Flora 717 may be the smallest character I have ever read about, but she is also one of the most fully-realized characters I have ever met, too. From the moment she’s born she’s… different. For her kind, “different” means instant death, but by the grace of a higher level bee, she is saved. Little did she know that her life would play a major part in a ploy for power, that so many difficulties would befall her and that she alone could change the fate her world. She is born as one of the lowest of the low on the hierarchical totem pole, but by both shear luck and her own abilities, Flora 717 moves through various positions in her hive. As a result, the first half of the book is spent associating the reader to the hive and their way of life as Flora 717 is thrust from one role to another. Her position is obviously uncommon for bees, since they are born into and usually die performing the task they were born into. She obtains a wider view of her world and is what we humans would call “enlightened” by what she learns. I enjoyed the tour, and Flora 717 is a most enjoyable guide.

    The story is rife with matters of chance and fate, faith and predisposed role expectations — I especially appreciate the questions THE BEES asks with regard to morality, religion and leadership. Just because Flora 717 is born “different”, does this automatically make her a sympathetic character? Does the knowledge she gains make her decision “good” or “right” when she tries to override the mindset that has been ingrained in her people since before time itself? Will her every action be met with agreement by the reader? Although Flora 717 is the “hero” of the story, she does make mistakes, she commits crimes against society, she makes highly questionable decisions. Her mistakes, as well as the impact they have on the hive, only adds to the depth of her character, her world and the story. Never does Flora 717 think of herself as “better” than others, never do her intentions become overly-preachy to the reader… I really appreciated this, though, sadly, the fear that this could happen sat in the corner of my mind as I read, and as Flora became more determined in her “purpose”.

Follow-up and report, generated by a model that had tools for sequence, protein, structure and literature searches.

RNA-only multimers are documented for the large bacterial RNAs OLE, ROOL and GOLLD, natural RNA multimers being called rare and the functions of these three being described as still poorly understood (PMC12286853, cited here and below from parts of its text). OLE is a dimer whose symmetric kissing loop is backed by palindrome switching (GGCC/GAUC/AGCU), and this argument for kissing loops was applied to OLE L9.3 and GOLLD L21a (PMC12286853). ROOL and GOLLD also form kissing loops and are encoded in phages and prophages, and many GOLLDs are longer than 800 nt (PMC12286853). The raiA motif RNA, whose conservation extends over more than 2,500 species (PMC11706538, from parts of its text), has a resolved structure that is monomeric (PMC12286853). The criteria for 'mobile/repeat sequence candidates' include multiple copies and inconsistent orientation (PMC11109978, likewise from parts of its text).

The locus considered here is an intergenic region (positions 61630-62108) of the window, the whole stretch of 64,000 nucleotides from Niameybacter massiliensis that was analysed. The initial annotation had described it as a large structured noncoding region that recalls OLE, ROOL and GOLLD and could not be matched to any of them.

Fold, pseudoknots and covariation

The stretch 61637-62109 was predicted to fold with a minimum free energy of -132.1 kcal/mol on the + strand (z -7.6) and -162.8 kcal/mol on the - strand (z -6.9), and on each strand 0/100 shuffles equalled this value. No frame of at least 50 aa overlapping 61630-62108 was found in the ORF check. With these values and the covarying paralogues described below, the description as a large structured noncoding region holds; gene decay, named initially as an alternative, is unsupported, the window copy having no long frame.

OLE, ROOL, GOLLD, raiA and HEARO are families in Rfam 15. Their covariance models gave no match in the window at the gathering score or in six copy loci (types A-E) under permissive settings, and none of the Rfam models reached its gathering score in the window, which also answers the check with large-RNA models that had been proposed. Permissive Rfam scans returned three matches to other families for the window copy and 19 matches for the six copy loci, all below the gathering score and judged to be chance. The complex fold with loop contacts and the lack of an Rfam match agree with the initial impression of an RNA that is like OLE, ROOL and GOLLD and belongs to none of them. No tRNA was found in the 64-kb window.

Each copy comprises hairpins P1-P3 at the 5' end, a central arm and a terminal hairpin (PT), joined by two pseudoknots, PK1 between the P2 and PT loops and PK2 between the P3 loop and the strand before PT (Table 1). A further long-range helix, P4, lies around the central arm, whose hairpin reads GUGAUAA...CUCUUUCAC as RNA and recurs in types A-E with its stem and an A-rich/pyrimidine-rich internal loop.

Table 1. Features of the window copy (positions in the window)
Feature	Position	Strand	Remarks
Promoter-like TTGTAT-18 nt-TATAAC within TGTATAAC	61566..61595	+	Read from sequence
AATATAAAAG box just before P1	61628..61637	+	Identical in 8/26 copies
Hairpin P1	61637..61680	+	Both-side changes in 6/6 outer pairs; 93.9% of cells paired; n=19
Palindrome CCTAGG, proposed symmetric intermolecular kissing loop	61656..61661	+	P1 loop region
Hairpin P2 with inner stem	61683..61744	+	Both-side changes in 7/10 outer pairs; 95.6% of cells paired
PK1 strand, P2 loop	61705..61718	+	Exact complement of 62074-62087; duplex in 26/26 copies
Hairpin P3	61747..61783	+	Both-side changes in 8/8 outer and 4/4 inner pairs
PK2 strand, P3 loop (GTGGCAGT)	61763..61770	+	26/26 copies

Ultimately, I loved where both Flora 717 and her hive ended up at the conclusion of THE BEES. It was fitting… and that epilogue was superb! What a touchingly sly little twist!

    Pros:

    - Inventive, original, unique… All of these words – and more – will be thrown around when you see or hear people describing THE BEES. The book is 100% deserving of these descriptions.
    - There is plenty of action and suspense. Correction: There is plenty of terrifying action and suspense. Even with the highly descriptive manner in which the story is told, I doubt that readers will become bored…

    Cons:

    - … With that being said. Maybe some readers will grow bored learning more than they ever thought they would ever learn about bees. What do I know, right?
    - BEES.